President-elect Joe Biden on Monday received his second dose of the coronavirus vaccine, three weeks after getting his first one, amid a slow roll-out of nationwide vaccinations to tackle a pandemic that continues to surge across the United States.
Biden pulled off his sport jacket to reveal a dark, short-sleeve T-shirt underneath and said, “Ready, set, go.”
Biden got his first shot on December 21 in a televised procedure. The virus has now killed nearly 375,000 people in the US and continues to upend life around the country.
In comments to reporters after his shot, Biden said he has confidence that his COVID-19 team can hit ambitious vaccination-rate targets after he takes office on January 20. The president-elect has said his administration will put in place an aggressive vaccination campaign, with the goal of administering 100 million doses of vaccine in the first 100 days. He also called the current rate of thousands of people dying daily “beyond the pale”.
As of Monday, nearly nine million Americans had received their first shot, or 2.7 percent of the US population, according to the Centers for Disease Control and Prevention (CDC). Experts have said as much as 85 percent of the population will have to be inoculated to achieve “herd immunity” and vanquish the outbreak.
Some public health experts have noted that no US state has come close to using up its federal allotments of vaccines thus far, according to data from the CDC.
States in recent days have been adding vaccination capacity with the ad hoc conversion of sport venues, convention halls and empty schools into vaccine centres.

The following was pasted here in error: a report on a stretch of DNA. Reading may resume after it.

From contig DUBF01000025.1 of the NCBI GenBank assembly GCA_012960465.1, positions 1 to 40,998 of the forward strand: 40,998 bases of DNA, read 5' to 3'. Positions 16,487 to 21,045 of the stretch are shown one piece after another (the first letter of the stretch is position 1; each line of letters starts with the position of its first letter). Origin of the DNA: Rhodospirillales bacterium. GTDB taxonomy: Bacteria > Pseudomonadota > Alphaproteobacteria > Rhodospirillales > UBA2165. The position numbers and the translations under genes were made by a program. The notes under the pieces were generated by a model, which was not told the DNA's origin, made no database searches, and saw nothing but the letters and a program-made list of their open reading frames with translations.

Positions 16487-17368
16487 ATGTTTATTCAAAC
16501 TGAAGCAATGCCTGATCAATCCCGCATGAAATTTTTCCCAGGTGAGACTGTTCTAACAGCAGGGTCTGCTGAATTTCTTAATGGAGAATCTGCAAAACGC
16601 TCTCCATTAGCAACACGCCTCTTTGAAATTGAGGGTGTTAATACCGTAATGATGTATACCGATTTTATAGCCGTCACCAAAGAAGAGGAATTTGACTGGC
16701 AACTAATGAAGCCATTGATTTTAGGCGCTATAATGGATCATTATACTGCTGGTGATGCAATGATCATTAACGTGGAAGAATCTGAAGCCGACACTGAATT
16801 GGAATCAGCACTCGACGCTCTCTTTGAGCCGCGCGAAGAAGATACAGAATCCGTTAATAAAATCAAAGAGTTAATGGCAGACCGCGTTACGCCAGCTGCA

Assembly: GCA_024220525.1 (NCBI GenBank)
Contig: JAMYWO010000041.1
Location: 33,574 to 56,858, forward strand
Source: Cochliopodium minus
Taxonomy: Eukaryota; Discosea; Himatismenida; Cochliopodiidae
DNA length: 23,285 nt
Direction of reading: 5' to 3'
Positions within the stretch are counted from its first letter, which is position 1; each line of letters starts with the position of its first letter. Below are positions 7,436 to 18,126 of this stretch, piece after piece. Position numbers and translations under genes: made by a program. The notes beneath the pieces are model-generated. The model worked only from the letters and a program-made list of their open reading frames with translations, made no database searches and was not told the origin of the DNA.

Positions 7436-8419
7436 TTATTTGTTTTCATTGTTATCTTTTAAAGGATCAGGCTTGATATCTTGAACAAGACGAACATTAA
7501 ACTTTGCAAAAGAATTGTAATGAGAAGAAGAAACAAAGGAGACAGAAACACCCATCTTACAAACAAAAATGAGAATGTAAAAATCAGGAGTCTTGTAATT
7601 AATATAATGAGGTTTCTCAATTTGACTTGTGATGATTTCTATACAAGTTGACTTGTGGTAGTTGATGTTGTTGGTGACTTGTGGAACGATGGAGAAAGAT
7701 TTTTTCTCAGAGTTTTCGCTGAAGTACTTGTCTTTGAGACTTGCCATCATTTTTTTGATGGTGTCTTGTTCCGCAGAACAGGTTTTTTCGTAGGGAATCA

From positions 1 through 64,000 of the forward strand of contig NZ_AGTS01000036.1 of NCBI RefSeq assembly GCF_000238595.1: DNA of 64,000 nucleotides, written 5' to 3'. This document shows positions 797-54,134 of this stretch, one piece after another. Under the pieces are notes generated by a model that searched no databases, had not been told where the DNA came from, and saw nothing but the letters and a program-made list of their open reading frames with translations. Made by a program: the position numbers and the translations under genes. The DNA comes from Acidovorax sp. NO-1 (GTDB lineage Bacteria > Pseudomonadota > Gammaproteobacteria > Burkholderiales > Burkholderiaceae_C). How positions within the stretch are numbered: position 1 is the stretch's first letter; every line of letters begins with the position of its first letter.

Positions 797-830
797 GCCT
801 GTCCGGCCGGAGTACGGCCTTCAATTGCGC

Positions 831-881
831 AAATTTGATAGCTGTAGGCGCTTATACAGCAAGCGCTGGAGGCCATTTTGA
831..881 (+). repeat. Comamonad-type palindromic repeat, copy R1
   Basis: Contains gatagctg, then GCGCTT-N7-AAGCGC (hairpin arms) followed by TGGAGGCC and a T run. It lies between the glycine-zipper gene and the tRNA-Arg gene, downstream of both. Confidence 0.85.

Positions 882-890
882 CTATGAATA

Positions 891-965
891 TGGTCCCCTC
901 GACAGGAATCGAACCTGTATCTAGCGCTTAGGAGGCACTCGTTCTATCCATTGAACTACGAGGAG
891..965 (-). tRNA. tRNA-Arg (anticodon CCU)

“Every shot in the arm is a step closer to ending this pandemic,” Michigan Governor Gretchen Whitmer said.
Many states are responding by throwing open the line and ramping up the pace of vaccinations, in some cases offering them 24 hours a day, seven days a week.
In New York City, the epicentre of the outbreak early last year, two 24-7 sites opened and several more are expected to be up and running during the next two weeks. Appointments for the midnight-to-4am shift on Tuesday were snapped up quickly, Mayor Bill de Blasio said. As of Monday, the state began offering vaccines to people over 75, teachers, transit workers and other front-line workers.
Arizona, with the highest COVID-19 diagnosis rate in the US, planned to dispense shots beginning Monday in a drive-through, round-the-clock operation at the suburban Phoenix stadium. Shots are being offered to people 75 and older, teachers, police and firefighters.
In Texas, Dallas County was scheduled to open a vaccine “megasite” on Monday on the grounds where the Texas State Fair is held.
Detroit is turning its TCF convention centre into a vaccination hub starting Wednesday, with officials planning to schedule 20,000 appointments during the next month for people 75 and older. Police officers and bus drivers can also start to get vaccinated there at the end of the week.
“We are going to keep ramping up our vaccinations to the maximum extent the supply allows,” Detroit Mayor Mike Duggan said.
In California, one of the deadliest hot spots in the US, authorities opened a drive-through “vaccination superstation” on Monday in a parking lot where the goal is to inoculate 5,000 healthcare workers a day. People will remain in their vehicles while they are given a shot, and will be asked to remain for 15 minutes so they can be watched for any reactions.
About 584,000 doses have been administered in California, or about 1.5 percent of the population.
Florida, the longtime retirement haven with one of the biggest concentrations of elderly people in the country, is using Hard Rock Stadium in Miami Gardens to dispense shots.
Governor Ron DeSantis moved to open up vaccinations more broadly to people 65 and over.
The roll-outs have been uneven across the state’s counties but have met with huge demand, with some senior citizens standing in line in the chill or sleeping in their cars overnight.